Puerto Vallarta, Jalisco, Mexico - It has long been understood that the plants which grow around us, in our gardens and on the side of roads, have properties that can help us to heal. Dating back to ancient Mesoamerican cultures the flower was prized for its aroma, and when people were sick, it was their tonalli, or cosmic energy, that was off balance and needed to be restored.
In modern times, we often struggle to maintain a sense of connection between plants, medicine and the cosmos, yet there are many ways that we can entrain to these natural rhythms by using common plants and herbs in our everyday life and healing.
Infused oils are a simple way to incorporate the healing properties of flowers into everyday activities. They work on our limbic system and enhance our emotions and cognition in positive and powerful ways.
Rosemary has a very stimulating aroma and helps with fatigue; it makes a great culinary herb or can be steeped as a hot tea. Chamomile, known as Manzanilla (little apple) in Spanish, settles an upset stomach and aids insomnia.
Lavender, one of our favorite aromas, decreases stress and depression, and enhances mood. Lavender can be used for its aroma or as a culinary herb added to hot chocolate or muffins.
A medicinal use of lavender has been developed for anxiety and insomnia in the form of a concentrated product called Lavela WS 1265. It is a patented formula of lavender essential oil that has been well studied for internal use for the treatment of anxiety, restlessness, and insomnia. The recommended dose is 80 to 160 milligrams per day for adults.
Make Your Own Lavender Pillow
1. Pick your own lavender plant and create a bundle. Hang upside-down to dry or simply lay in a basket. The drying process will take about 1-2 weeks depending on humidity. If you do not have your own lavender plant, you may go out and purchase already-dried lavender. The good thing about lavender is that it retains its scent over a long period of time - simply rub it gently between your fingers to renew the scent.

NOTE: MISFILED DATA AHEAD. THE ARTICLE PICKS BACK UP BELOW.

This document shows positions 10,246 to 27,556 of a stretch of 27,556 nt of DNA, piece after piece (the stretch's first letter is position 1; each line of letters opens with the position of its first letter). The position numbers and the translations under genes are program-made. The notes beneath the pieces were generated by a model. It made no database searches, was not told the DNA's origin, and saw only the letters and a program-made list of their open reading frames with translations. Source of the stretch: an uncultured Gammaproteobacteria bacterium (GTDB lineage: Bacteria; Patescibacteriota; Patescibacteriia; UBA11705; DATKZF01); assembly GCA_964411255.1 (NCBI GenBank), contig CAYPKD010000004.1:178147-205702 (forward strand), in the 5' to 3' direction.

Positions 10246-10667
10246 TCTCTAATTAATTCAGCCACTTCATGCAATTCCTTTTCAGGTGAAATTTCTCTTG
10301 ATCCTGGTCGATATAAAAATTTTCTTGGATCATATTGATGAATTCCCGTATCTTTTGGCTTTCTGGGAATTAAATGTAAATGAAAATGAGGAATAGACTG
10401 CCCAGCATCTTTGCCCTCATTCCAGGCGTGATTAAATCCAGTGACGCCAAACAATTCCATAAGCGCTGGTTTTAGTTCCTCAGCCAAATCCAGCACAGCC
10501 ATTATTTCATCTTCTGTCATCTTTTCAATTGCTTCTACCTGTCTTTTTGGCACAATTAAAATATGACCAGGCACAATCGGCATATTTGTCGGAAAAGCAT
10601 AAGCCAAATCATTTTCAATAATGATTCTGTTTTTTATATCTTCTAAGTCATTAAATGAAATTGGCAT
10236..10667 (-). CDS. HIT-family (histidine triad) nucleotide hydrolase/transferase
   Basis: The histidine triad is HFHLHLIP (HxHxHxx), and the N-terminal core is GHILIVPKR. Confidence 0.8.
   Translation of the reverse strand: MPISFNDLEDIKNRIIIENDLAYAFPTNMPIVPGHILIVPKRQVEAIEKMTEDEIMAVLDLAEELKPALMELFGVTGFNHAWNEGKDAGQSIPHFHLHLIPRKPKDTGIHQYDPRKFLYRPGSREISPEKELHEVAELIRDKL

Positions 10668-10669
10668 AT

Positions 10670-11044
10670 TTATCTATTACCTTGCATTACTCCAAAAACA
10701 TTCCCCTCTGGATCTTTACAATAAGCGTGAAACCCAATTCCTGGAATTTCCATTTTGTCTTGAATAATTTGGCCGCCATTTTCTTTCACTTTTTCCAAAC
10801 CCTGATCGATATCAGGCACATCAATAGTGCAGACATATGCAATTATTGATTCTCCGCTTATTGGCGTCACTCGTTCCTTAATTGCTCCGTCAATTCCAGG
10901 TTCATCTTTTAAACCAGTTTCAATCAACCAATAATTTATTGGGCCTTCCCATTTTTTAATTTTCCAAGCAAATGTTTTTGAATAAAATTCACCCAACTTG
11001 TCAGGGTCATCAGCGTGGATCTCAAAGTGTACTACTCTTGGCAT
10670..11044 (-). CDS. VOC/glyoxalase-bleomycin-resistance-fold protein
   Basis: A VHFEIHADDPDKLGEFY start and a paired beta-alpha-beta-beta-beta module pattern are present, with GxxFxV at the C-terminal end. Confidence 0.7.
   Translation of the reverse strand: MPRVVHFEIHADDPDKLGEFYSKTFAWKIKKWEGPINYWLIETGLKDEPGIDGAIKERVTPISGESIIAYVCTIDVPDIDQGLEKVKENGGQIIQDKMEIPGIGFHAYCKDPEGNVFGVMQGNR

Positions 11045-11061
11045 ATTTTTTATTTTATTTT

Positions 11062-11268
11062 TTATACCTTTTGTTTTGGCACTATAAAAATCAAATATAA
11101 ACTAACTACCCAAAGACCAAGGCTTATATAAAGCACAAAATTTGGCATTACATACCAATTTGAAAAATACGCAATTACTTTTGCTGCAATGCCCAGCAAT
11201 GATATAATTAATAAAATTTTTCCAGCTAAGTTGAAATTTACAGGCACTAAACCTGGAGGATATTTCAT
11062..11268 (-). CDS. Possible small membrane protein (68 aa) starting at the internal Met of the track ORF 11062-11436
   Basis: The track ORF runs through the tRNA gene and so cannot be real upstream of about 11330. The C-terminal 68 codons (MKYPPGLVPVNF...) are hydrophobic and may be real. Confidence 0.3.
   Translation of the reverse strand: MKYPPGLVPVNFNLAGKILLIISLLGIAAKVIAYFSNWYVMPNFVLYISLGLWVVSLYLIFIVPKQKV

2. Obtain cotton fabric and stitch your pillowcase! You may stuff with cotton or wool and then sprinkle some dried lavender in it, OR you can make a little pillow and exclusively fill it with the dried lavender.
*If you are not up to sewing your own, purchase a small muslin bag and fill as desired. Secure with string.
New research suggests that exposure to large amounts of topical lavender can disrupt hormones, especially in young boys. Occasional use of lavender pillows or steams is fine but avoid applying oil to the body.
To learn more about Flower Power see my forthcoming book, Natural Woman, Herbal Remedies for Radiant Health at Every Age and Stage of Life.
Interested in studying? I teach an online 18 hour professional training course in Integrative Medicine and Nutrition for Mental Health.
Leslie Korn has lived and worked in Banderas Bay since 1973 conducting research in Traditional Medicine of Mexico. She is a Harvard Medical School and Harvard School of Public Health-educated clinician in clinical practice in Mental Health Nutrition, Integrative Medicine and the prevention of dementia and cognitive decline. She is the author of 8 books including 'Natural Woman.' To learn more about her work, visit DrLeslieKorn.com. She can be reached at lekorn(at)cwis.org.
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